Monday, October 26, 2020
Oct. 26, 2020

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The ‘rat’ race is on for Vancouver man

He has 30 days to build rat rod, drive it 300 miles

By , Columbian Science, Military & History Reporter
Published:
5 Photos
David Hubbard, left, and his wife, Jessica Hubbard, work on their Ford rat rod pickup at their home in Vancouver. Hubbard is expected to drive it 300 miles from St.
David Hubbard, left, and his wife, Jessica Hubbard, work on their Ford rat rod pickup at their home in Vancouver. Hubbard is expected to drive it 300 miles from St. Louis to Lebanon, Tenn., in the event. Photo Gallery

• All vehicles in the rat rod competition must be properly titled, tagged and insured. Registration and insurance does not count against the $3,000 budget.

David Hubbard’s challenge: Build a rat rod for $3,000 or less in the span of 30 days, then drive it 300 miles from St. Louis to the “Redneck Rumble” near Nashville, Tenn.

Fortunately, neatness does not count when building a rat rod. Hubbard actually had to smudge up some shiny bits so they’d match his overall color scheme of rust and primer.

The Vancouver man is one of a dozen chosen to compete in Rat Rod magazine’s 2014 “Great American Blue Collar Build-Off.”

“It was a random drawing,” said Hubbard, who was one of almost 350 entrants. “I saw it online and thought, ‘Why not?'”

• All vehicles in the rat rod competition must be properly titled, tagged and insured. Registration and insurance does not count against the $3,000 budget.

The flip side to that question, of course, is: Why?

“I just love building rat rods,” he replied.

Hubbard plans to run his own car shop some day, he said. “This gives me a chance to show my skills.”

Which leads to another question: What’s a rat rod?

“It’s a blue-collar hot rod,” Steve Thaemert, editor of Rat Rod magazine, said in a phone interview. “That’s the short answer.”

“For one thing, it’s a lot cheaper,” said Hubbard. He noted that some hot-rod builders spend more on paint than he’s putting into his whole car. A lot more.

Hubbard figures he’ll be right at his assigned budget of $3,000 when he’s done. His car is based on a 1951 Ford F3 truck that was rusting on a farm near Salem, Ore.

“I paid $1,200 for it and sold the seats for $250,” which helped his budget.

He did even better with another transaction.

“I bought a 1963 Ford truck for the axles for $300; I sold some parts and sold the rest for scrap, and came out $111 ahead on the deal.”

With that mix-and-match approach, the 29-year-old Hubbard did a lot of cutting and fabricating. That left some shiny seams showing where newly cut metal met original equipment.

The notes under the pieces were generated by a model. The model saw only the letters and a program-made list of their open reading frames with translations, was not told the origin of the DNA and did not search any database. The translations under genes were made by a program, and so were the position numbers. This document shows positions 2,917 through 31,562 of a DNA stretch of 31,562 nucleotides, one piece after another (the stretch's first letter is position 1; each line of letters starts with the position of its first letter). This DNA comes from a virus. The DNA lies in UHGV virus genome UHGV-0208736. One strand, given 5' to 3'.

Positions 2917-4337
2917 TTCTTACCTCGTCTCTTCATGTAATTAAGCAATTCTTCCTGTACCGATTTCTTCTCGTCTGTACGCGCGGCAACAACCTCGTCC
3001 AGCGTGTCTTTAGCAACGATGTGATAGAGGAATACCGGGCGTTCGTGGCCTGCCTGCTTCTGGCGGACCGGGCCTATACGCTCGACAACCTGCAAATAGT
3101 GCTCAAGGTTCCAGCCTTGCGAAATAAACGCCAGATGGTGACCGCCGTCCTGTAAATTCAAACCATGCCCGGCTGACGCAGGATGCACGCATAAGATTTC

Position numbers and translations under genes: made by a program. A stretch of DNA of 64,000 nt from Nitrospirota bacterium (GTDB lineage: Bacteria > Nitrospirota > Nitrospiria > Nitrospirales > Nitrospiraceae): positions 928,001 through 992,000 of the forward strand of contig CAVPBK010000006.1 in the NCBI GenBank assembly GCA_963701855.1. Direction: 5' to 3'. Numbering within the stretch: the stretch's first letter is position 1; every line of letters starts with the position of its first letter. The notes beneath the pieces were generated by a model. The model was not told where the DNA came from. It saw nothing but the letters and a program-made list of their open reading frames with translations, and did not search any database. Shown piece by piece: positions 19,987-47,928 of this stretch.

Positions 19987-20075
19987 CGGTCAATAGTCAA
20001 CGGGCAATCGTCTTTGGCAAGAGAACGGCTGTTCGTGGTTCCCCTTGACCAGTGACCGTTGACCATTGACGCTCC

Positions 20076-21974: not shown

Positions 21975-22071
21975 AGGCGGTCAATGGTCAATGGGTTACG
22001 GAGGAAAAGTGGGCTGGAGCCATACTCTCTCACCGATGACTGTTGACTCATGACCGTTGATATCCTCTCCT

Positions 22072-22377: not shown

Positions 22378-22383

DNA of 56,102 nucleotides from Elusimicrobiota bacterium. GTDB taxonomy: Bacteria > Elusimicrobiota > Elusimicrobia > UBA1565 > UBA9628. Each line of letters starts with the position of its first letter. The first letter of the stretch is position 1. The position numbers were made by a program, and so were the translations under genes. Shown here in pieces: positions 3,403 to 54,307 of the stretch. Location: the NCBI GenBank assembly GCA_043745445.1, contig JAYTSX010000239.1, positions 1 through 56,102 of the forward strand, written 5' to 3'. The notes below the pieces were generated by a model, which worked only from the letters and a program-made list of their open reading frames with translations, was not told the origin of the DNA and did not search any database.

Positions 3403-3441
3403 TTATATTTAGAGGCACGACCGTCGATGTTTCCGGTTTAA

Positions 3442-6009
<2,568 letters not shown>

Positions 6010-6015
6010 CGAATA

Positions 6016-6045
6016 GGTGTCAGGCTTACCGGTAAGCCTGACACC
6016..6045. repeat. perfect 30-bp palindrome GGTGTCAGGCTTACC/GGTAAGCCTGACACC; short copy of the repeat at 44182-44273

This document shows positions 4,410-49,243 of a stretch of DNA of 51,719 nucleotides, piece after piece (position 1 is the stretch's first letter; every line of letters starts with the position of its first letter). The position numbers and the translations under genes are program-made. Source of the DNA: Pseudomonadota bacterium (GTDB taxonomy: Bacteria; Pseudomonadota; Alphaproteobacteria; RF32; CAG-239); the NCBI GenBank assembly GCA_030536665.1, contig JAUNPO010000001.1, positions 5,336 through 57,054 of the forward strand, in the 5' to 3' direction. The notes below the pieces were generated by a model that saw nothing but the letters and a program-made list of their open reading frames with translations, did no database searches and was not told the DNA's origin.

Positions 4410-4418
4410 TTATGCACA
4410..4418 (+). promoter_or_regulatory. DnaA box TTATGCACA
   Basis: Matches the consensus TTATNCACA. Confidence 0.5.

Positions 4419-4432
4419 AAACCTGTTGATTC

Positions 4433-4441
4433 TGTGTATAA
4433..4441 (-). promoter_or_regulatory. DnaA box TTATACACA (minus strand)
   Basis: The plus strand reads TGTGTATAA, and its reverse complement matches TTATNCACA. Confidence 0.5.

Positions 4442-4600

“We rusted out the fresh metal with bleach and vinegar,” he said.

The car is a husband-and-wife project. Jessica Hubbard is focusing on the interior and had ambitions of classing up the ride.

“We bought a nice Cadillac seat, but the doors wouldn’t close,” she lamented. “You’ve got to go with function over style.”

Jessica, 26, also assembled the wooden cover for the truck bed. And in keeping with the farm-find theme, “it’s old barn lumber,” she said.

The Hubbards will take the car to St. Louis on a trailer, which is the takeoff point for the 300-mile rat rod ramble. Winners will be determined by a panel of judges and a public vote.

The trip will give them an interlude between their Clark College classes. David is studying business administration and Jessica is working on her prerequisites for nursing school. They recently finished Clark’s summer session and will be going back to school later this month.

As the magazine editor explained, the Hubbards seem to be a perfect match for hot-rodding’s roots.

“Really, the birth of hot-rodding was after World War II, when veterans came back and built hot rods,” Thaemert said.

For the Hubbards, the war was Operation Enduring Freedom. They met in Afghanistan. Both were with Air Force Security Forces at Bagram Air Base. (Both are now in the Air National Guard.)

While on active duty, David was deployed three times and Jessica was deployed twice.

“We celebrated our first anniversary at Bagram,” he said.

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Columbian Science, Military & History Reporter
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